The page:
LGBTQ journalists gather for NLGJA’s second virtual national convention
by Joe Siegel
The 2021 national convention of NLGJA: The National Association of LGBTQ Journalists was held from September 9 to 12. Due to the coronavirus pandemic, for the second consecutive year, the event was held virtually.
“Our goal with this national convention was to provide a welcoming space for LGBTQ journalists to connect, learn and grow,” said Adam Pawlus, NLGJA’s executive director. “We set out to provide our members and colleagues with four days of terrific programming, and I think we did just that. The convention has exceeded our expectations, thanks to the hard work of each and every person who had a hand in making it happen, from workshop coordinators and panelists, to our sponsors and exhibitors. The convention drew a crowd of more than 600 attendees, which is the largest group we’ve had in more than a decade.”
When asked whether next year’s convention would be in person, Pawlus said safety was the top priority for attendees.
“We, of course, hope to return to in-person events when it is safe to do so, and we are currently planning to come together in Chicago from September 8-11, 2022, for our national convention. Our board will continue to monitor developments with the pandemic, but our hope now is to be together in Chicago at this time next year.”
He added, “Any convention, virtual or in-person, has its own unique set of challenges. But there are also tremendous opportunities, and the virtual convention allowed participants from all over the world to join us this year. The virtual conventions of this year and last year have taught us valuable lessons that will help guide our convention planning for years to come
One of the forums at this year’s convention, Crime and the LGBTQ Community, featured panelists discussing how to report on crimes impacting LGBTQ people. Reporting on the 2016 Pulse Nightclub shooting in Orlando, for example, was a highly emotional experience for Sunnivie Brydum from Yes! Media.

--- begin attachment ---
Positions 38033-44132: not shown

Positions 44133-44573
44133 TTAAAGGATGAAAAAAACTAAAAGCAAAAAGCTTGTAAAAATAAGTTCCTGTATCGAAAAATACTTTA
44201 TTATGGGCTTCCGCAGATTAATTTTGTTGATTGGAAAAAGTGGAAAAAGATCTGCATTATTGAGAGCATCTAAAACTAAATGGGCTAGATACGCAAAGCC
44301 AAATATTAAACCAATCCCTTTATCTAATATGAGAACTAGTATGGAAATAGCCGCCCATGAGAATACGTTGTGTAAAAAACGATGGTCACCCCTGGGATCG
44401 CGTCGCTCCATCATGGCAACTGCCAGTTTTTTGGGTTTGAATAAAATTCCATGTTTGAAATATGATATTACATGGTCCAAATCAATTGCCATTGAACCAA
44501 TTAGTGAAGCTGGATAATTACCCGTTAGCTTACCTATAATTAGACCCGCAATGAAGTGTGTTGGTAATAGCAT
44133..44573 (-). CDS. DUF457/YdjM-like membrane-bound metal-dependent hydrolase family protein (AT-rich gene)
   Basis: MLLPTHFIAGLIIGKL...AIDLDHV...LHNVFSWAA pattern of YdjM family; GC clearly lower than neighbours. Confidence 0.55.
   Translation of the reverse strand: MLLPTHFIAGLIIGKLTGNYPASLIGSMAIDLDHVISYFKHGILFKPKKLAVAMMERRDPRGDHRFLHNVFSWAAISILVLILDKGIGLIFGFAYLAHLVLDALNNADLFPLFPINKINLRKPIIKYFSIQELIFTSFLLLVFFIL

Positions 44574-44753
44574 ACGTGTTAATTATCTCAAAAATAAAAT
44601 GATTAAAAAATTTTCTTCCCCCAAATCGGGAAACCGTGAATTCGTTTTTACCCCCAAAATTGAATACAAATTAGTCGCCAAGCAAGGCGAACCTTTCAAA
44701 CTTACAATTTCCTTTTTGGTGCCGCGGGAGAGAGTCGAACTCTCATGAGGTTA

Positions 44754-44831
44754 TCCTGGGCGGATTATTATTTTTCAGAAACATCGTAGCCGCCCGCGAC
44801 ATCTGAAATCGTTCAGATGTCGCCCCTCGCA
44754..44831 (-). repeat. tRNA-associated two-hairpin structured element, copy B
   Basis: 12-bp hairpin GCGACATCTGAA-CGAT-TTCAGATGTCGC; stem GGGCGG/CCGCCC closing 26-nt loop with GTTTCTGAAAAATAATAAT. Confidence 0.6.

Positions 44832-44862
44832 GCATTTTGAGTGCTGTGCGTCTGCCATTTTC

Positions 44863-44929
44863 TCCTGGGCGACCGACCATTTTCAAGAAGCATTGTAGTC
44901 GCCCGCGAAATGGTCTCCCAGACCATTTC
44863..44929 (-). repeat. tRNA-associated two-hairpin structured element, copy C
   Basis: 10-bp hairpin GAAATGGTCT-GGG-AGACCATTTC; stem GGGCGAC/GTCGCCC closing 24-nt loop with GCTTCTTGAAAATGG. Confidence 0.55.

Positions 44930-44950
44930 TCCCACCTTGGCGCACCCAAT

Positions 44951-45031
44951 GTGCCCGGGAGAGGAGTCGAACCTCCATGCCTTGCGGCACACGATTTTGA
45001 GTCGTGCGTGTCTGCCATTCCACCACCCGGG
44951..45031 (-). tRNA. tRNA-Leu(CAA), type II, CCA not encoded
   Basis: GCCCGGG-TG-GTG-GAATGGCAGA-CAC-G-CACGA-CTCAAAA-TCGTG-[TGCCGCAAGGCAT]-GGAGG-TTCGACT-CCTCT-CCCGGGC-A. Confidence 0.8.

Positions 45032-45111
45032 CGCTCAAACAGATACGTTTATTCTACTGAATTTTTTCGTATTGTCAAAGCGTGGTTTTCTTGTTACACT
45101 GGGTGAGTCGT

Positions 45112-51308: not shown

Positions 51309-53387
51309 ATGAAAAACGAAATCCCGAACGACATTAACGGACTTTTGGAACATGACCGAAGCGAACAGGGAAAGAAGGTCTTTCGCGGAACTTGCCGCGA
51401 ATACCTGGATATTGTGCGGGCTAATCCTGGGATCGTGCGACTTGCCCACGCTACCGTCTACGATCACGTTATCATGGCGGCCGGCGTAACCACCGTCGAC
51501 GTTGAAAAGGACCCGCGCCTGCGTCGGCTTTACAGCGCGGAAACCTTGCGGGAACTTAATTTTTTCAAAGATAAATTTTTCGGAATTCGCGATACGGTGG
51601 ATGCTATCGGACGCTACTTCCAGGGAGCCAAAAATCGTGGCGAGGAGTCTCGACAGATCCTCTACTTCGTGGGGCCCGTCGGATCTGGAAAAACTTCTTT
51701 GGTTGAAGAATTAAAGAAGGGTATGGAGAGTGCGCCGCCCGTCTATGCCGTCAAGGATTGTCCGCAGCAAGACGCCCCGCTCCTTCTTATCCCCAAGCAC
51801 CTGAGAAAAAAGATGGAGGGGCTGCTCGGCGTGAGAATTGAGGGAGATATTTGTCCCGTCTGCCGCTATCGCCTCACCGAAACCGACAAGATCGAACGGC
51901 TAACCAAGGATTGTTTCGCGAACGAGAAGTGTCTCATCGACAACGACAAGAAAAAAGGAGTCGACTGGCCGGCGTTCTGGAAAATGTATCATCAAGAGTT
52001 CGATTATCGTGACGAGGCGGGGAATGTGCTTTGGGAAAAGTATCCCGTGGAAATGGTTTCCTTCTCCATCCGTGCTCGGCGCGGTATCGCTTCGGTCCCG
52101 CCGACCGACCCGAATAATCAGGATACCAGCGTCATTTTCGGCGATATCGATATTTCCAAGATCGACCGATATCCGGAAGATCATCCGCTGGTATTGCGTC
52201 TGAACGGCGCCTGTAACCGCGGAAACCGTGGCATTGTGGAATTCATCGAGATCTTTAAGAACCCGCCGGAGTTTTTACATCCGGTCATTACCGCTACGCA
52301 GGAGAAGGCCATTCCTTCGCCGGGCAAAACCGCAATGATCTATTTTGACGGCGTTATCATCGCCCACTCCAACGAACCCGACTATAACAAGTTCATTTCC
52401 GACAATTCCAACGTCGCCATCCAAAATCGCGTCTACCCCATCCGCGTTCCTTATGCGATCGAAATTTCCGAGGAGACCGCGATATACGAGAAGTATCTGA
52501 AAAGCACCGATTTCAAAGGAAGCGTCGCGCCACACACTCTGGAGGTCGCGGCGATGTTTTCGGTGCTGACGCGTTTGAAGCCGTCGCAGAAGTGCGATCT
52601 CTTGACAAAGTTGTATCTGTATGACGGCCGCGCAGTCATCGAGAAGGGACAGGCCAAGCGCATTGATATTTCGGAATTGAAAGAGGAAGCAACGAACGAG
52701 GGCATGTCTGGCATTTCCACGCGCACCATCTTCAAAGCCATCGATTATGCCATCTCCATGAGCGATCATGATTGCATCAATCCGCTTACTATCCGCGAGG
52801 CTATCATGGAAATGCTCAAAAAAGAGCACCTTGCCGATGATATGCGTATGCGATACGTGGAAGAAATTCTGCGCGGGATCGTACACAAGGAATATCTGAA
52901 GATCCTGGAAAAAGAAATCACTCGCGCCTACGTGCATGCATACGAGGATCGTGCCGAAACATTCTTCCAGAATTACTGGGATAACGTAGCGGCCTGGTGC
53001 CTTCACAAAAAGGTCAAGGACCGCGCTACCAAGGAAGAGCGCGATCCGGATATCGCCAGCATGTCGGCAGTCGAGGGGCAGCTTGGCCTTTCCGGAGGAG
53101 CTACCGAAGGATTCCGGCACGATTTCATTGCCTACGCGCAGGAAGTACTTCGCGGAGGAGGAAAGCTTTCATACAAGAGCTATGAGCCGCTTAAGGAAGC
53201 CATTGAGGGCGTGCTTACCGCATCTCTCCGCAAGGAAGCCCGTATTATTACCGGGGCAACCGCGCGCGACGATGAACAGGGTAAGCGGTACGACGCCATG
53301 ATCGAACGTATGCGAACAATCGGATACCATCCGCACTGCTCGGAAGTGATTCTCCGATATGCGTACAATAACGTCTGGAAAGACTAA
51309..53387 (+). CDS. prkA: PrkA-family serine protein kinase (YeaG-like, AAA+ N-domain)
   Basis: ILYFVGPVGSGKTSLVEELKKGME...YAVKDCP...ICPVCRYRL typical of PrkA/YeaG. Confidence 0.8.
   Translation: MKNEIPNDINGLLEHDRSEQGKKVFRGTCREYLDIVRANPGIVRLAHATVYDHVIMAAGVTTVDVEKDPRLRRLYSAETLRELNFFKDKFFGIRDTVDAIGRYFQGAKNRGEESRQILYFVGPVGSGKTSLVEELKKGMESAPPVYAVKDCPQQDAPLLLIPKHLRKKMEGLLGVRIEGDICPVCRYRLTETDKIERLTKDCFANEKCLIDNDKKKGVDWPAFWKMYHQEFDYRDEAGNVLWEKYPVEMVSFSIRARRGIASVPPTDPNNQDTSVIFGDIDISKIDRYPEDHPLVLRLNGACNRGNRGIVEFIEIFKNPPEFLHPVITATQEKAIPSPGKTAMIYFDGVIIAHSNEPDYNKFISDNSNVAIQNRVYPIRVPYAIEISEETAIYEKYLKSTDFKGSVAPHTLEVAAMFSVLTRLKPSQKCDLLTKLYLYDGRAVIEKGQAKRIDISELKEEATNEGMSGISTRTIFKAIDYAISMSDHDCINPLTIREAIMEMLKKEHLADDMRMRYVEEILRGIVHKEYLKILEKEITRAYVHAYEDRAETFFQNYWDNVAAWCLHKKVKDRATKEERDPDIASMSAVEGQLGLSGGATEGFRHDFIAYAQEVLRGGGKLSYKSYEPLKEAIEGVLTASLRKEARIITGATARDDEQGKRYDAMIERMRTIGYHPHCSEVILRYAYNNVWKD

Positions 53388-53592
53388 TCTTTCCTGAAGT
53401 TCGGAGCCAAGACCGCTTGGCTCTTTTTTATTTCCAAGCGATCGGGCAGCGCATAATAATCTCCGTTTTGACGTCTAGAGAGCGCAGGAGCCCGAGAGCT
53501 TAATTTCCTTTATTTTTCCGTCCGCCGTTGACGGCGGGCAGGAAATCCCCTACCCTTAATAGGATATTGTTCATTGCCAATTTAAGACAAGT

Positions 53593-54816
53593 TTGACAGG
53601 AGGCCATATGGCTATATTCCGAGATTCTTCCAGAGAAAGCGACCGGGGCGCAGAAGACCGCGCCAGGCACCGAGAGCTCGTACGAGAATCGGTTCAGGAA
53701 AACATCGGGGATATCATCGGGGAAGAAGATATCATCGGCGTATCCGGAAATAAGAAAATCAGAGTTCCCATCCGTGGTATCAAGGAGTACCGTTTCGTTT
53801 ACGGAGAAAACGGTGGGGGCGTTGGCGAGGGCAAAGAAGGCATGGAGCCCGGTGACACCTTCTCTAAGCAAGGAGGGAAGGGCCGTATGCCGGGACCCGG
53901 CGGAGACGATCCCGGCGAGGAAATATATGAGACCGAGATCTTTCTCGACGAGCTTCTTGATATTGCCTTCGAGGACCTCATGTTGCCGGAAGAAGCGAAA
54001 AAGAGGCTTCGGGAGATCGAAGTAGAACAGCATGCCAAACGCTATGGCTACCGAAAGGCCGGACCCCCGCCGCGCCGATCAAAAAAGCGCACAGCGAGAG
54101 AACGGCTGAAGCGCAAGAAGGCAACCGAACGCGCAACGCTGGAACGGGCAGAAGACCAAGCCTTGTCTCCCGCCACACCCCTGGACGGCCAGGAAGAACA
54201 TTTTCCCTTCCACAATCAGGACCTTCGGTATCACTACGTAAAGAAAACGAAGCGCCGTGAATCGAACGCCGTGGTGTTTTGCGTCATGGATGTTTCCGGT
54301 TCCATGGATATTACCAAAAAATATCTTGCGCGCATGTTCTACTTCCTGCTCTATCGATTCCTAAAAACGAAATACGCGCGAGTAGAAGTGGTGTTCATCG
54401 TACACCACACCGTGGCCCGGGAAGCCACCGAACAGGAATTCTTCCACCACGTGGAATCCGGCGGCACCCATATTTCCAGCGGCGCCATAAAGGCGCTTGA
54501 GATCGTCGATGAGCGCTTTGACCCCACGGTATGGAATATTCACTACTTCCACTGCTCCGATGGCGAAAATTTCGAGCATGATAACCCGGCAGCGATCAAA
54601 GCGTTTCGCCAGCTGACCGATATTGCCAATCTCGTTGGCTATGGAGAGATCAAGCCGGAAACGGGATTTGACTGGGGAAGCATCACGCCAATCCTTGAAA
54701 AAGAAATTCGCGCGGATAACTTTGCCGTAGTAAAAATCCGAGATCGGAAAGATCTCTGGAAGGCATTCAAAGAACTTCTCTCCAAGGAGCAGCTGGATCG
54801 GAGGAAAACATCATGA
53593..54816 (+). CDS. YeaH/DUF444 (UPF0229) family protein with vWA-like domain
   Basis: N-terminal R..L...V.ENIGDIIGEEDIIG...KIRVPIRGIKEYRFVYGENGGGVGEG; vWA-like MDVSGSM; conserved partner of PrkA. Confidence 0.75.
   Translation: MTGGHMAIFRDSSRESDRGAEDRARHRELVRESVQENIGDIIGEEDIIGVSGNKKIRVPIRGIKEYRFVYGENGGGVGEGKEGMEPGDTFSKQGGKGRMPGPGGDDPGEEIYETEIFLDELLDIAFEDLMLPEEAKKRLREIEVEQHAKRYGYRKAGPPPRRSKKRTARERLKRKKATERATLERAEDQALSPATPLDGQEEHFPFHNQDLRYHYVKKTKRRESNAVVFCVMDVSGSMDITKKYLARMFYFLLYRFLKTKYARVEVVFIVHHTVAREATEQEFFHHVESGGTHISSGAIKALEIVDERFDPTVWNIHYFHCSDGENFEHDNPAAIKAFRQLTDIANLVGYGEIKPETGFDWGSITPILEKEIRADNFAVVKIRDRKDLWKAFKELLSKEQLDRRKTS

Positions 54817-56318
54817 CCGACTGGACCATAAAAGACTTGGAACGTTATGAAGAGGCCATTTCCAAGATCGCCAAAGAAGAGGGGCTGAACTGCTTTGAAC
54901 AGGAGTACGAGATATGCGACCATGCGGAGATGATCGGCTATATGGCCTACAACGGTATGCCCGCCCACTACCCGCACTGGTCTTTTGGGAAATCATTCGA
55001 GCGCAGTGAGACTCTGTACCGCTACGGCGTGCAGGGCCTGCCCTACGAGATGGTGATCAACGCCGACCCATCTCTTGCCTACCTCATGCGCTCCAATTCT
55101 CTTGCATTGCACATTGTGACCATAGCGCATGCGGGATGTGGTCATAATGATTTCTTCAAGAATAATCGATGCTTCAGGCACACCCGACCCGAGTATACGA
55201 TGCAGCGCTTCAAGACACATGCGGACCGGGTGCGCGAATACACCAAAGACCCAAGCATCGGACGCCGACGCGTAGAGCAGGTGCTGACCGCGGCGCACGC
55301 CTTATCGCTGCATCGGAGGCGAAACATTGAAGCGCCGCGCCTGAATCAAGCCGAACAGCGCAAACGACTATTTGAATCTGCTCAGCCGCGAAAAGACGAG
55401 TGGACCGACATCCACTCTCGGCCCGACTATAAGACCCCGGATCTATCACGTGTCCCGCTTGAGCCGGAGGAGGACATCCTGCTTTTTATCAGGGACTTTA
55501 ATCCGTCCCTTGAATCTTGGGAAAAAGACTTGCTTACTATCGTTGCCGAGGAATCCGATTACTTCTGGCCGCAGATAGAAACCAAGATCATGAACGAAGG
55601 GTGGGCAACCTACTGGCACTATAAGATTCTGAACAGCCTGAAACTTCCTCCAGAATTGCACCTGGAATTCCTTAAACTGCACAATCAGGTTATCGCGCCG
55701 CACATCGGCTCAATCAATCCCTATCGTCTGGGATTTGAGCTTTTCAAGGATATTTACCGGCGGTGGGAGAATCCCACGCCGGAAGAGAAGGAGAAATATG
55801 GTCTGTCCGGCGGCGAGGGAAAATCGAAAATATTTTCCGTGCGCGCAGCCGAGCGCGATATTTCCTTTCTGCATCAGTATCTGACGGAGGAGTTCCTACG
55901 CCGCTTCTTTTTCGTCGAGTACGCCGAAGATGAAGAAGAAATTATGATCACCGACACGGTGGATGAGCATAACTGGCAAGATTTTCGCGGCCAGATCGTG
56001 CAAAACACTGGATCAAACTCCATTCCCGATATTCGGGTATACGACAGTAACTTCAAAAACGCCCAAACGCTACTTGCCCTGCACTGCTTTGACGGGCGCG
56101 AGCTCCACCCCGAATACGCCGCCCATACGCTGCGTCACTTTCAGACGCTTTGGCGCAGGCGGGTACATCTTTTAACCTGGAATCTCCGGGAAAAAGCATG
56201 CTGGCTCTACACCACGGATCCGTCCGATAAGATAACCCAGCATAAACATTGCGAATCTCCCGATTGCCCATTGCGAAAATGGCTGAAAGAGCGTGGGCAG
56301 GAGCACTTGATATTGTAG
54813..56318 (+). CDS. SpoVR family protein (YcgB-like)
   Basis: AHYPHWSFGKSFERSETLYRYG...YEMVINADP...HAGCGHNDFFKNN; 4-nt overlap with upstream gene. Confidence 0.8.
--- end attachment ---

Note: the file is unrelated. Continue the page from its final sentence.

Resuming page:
Brydum was not living in Orlando at the time but “could absolutely relate to that feeling of finding sanctuary in a gay club. I made it my purpose there to try and not ask folks to recount their trauma that they had just lived.”
“It just hits so much closer to home,” said News Nation journalist Evan Lambert. “On that first day after being there for hours, I got into my car and just immediately broke down and started crying, but I realized that was the first time that I even had time to do that.”
Orion Rummler, a reporter for The 19th News, provided guidance on reporting on homicides in the trans community.
“Let your editor know ahead of time that this is something you’re probably going to have to talk through,” Rummler said. “There are some editors who can be skittish around an LGBTQ topic that’s not very straightforward.”
“Writing these stories is cathartic to me,” said Kevin Rector, a reporter for the Los Angeles Times. “You have to realize going into criminal justice and crime stories that it is hard and you’re going to be talking to people a lot of times on the worst day of their life.”
Another forum, LGBTQ Equality Under Attack, focused on the wave of anti-gay legislation in the United States, particularly regarding the transgender community.
Roland Stringfellow, a senior pastor at the Metropolitan Community Church in Detroit, pointed out how anti-gay religious organizations have spent millions of dollars to fight LGBTQ equality. “Those of us who are on the front lines doing this type of religious activism, ‘sacred activism’ as I like to call it, it’s up to us to really help develop a theologically-based and positive definition of what religious liberty is all about.”
Victoria Kirby York of the National Justice Coalition said there was a “lack of knowledge and awareness” among the straight community.
“Some people think that we already have these rights,” York noted. “There’s a lack of urgency and context among all these supporters and that’s why it’s so important to highlight the impact and how the Equality Act would change people’s lives, improve their lives, and really destroy some of the barriers that are put in place for our community.”